I've read many stories on WDC written from the POV of the villain. Writing a main character who's bad to the bone appeals to many new writers, but these characters generally aren't interesting enough to be memorable to readers. They lack the redeeming qualities and inner conflicts that make the reader simultaneously love and hate them.
Writing a true anti-hero is difficult, but the complexities will push you as a writer. With more thought, you can create multi-dimensional characters your readers won't forget.
Here are three suggestions to make the reader root for your anti-hero while still making him the devilish character you want him to be.
Evil is Relative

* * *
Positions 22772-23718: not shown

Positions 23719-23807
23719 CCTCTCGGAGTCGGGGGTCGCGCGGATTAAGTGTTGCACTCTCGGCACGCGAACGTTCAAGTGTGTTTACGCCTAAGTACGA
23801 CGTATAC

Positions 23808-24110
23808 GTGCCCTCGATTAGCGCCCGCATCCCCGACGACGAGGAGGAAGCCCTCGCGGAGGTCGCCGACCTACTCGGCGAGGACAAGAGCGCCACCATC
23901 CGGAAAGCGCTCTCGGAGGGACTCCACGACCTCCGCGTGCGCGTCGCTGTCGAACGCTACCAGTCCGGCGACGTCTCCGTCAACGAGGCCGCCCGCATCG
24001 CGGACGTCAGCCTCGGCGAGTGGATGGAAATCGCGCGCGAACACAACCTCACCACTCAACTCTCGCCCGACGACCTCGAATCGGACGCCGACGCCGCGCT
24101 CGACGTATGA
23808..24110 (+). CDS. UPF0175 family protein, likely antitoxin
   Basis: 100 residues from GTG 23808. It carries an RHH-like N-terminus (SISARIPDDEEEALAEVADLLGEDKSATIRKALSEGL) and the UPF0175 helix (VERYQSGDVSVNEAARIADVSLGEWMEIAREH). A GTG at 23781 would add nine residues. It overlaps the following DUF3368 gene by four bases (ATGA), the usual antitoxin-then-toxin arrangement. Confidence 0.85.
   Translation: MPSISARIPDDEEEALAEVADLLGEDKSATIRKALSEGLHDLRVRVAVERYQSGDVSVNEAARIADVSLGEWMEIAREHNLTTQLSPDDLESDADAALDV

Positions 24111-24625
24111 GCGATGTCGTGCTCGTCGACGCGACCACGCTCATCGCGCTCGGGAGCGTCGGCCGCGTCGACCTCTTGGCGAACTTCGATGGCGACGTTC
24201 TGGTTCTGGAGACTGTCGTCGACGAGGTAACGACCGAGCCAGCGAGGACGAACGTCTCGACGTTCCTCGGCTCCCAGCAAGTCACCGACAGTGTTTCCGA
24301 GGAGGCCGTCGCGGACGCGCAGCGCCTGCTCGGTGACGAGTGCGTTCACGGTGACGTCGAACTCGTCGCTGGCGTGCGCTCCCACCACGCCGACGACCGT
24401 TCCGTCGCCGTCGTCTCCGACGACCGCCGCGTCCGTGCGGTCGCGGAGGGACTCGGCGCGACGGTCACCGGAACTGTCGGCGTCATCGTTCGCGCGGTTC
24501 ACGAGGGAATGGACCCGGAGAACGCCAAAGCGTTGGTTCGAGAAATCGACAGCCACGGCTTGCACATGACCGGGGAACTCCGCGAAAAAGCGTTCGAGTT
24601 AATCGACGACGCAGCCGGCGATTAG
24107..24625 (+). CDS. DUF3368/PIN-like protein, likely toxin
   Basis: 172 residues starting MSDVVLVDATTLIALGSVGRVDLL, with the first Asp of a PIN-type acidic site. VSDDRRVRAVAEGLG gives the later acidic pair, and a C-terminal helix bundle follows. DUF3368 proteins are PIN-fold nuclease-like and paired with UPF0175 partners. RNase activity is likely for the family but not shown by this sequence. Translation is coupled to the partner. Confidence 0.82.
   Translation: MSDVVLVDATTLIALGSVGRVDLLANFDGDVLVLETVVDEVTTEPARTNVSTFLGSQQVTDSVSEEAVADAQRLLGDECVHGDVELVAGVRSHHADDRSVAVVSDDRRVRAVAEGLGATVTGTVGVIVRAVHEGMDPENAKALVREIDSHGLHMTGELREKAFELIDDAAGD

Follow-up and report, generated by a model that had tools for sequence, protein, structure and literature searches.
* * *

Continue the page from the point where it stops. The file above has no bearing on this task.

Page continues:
If the anti-hero exists in a world full of evil, darkness and corruption, a dangerous world where chaos reigns or seethes just below the surface, then the anti-hero will seem heroic -- or at least sympathetic -- by comparison. The same with the villain. If the villain’s shown as far more twisted and despicable than the anti-hero, the reader will root for the anti-hero. So either create a gritty, noir world where only the hard and ruthless can survive, or a villain who is so frightening that even a "bad guy," anti-hero is preferable.
Good Points Outweigh the Bad
Make the anti-hero’s good traits either outnumber his bad traits or create good ones that are more important than his bad ones. For instance, he may do the wrong things, but he does them for the right reasons. Make sure to show the reader the anti-hero’s good points, even play them up, so that his bad points pale in comparison.